Service Delivery Team

This school team meets at least every two weeks to review and direct special education services in the school.

Program Planning Team

A program planning team may be initiated for a student with one or more exceptionalities. Parent/guardian involvement is a critical component of the program planning process. As such, parents/guardians are part of the program planning team along with classroom/subject teachers. If the student is developmentally and emotionally ready, he or she should also be invited to participate as a team member.

Other members may include:

  • Administrator
  • School Guidance Counselor
  • Educational Psychologist/Itinerant Assessor/Educational Assessment Specialist
  • Speech-Language Pathologist
  • Instructional Resource Teacher
  • other education professionals (such as Itinerants for Vision or Hearing Loss, etc.) as required

Individual Education Plan (IEP)

A document that records and tracks the educational supports and services provided to a student. An IEP is required for students with identified exceptionalities who are receiving modified prescribed courses and/or alternate programs, courses and curriculum.

Individual Service Support Plan (ISSP)

A document that records and tracks the supports and services provided to a student by team members including those from agencies outside the school system (ie: Eastern Health, Child Youth and Family Services, private therapists, etc). The IEP is included in the ISSP.

Behaviour Management Plan (BMP)

A written plan designed for students requiring tertiary intervention. It is developed based on data collected as part of a Functional Behavioural Assessment (FBA). Please refer to Behaviour Management Plan for more information.

KinderStart

KinderStart is a school transition program offered in the year prior to Kindergarten entry. The program consists of five to ten one-hour orientation sessions organized and promoted at the school level for children and their parents/caregivers. The sessions support children’s adjustment to the school environment, and provide parents/caregivers with information on how to support their children’s learning at home. During the first KinderStart session, children and their parents/caregivers are provided with a bag of learning resources and suggestions for home activities. Registration for KinderStart is automatic when parents/caregivers register their child for Kindergarten at their designated school. Registration takes place in the calendar year a child becomes four years of age. Parents/caregivers should watch their local newspapers and school newsletters for more details regarding Kindergarten registration in their area. Parents who have questions regarding KinderStart registration should contact their school district. School principals notify parents/caregivers of the times of all KinderStart sessions in the fall of the given school year. A parent/caregiver session is held to provide a program overview and help parents prepare for their child’s first school year.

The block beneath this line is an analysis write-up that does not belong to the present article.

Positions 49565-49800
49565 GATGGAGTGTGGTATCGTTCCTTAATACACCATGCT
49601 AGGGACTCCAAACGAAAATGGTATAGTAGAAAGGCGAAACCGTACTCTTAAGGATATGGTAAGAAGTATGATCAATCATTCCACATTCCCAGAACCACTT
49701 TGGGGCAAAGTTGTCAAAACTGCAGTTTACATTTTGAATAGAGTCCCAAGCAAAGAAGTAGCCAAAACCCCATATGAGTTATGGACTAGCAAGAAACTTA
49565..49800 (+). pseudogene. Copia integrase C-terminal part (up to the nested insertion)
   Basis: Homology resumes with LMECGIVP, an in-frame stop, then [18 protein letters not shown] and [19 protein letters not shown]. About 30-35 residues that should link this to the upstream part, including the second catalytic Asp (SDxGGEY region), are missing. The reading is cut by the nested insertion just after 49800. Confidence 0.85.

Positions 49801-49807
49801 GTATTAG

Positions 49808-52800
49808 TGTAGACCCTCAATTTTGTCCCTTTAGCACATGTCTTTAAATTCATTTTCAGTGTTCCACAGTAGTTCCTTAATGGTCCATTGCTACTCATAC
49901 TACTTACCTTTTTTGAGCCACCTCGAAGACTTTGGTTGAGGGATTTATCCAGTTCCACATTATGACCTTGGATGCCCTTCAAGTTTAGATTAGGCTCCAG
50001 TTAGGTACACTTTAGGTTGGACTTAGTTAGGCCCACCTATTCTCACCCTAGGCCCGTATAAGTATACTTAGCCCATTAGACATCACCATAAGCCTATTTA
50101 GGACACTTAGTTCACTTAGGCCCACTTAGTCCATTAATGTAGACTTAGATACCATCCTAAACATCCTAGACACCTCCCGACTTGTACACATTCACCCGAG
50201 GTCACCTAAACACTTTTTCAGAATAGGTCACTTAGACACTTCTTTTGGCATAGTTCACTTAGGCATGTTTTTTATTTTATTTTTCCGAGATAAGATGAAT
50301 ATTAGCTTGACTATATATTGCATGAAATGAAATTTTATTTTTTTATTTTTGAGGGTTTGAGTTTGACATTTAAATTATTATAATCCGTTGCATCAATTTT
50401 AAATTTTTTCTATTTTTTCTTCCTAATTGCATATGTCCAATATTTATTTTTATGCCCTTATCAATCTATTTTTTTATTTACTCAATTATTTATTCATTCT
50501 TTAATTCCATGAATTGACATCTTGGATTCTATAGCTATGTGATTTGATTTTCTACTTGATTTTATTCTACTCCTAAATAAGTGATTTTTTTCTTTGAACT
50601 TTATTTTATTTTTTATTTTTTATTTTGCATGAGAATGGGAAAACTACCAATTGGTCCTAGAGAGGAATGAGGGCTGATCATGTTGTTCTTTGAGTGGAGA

Transition Process

The transition process is an ongoing process of preparing for and adapting to change. It may involve changes to relationships, roles, expectations, environments and/or routines. Transition planning helps:

  • ensure required supports and programming are in place in the new environment
  • students develop and realize both short-term and long-term goals
  • students to engage in action oriented planning
  • students prepare for the challenges and opportunities that lie ahead.

Please refer to the pamphlet, Transition Process for further information.

Other Available Supports

Alternate Transportation

While student independence is always encouraged, alternate transportation will be available to students who for medical/exceptional reasons are unable to use regular school transportation, or who reside within 1.6 km from the school and have a medical/exceptional reason preventing them from walking to school, and to Kindergarten to Grade 6 students who reside within 1.6 km of school whose parent/guardian cannot accompany their child to school due to a physical disability. This transportation mode  is determined by the district and may include taxi, wheelchair equipped bus, and in some areas of the province, a regular school bus with student assistant support.

Assistive Technology

Assistive technology includes any equipment that is used to increase, maintain, or improve the functional capabilities of a student with an exceptionality. Such technology promotes greater independence. Examples of assistive technology would include switches, communication devices, touch screens, and word prediction software. The Speech-Language Pathologist assigned to the school is involved in recommending assistive technology for students with Autism.

Alternate Format Materials

Many students with disabilities encounter barriers with traditional print materials. Students with certain disabilities (known as perceptual disabilities) may not be able to use textbooks, class handouts, and other materials in their original format and instead the materials need to be provided in an alternate format. Some examples of alternate format materials (AFM) include Braille, audio books, and digital versions of books that can be read by text to voice software. A student with Autism may or may not also present with an identified perceptual disability.

 

Please see NL Department of Education and Early Childhood Development website (Student Support Services) for further information.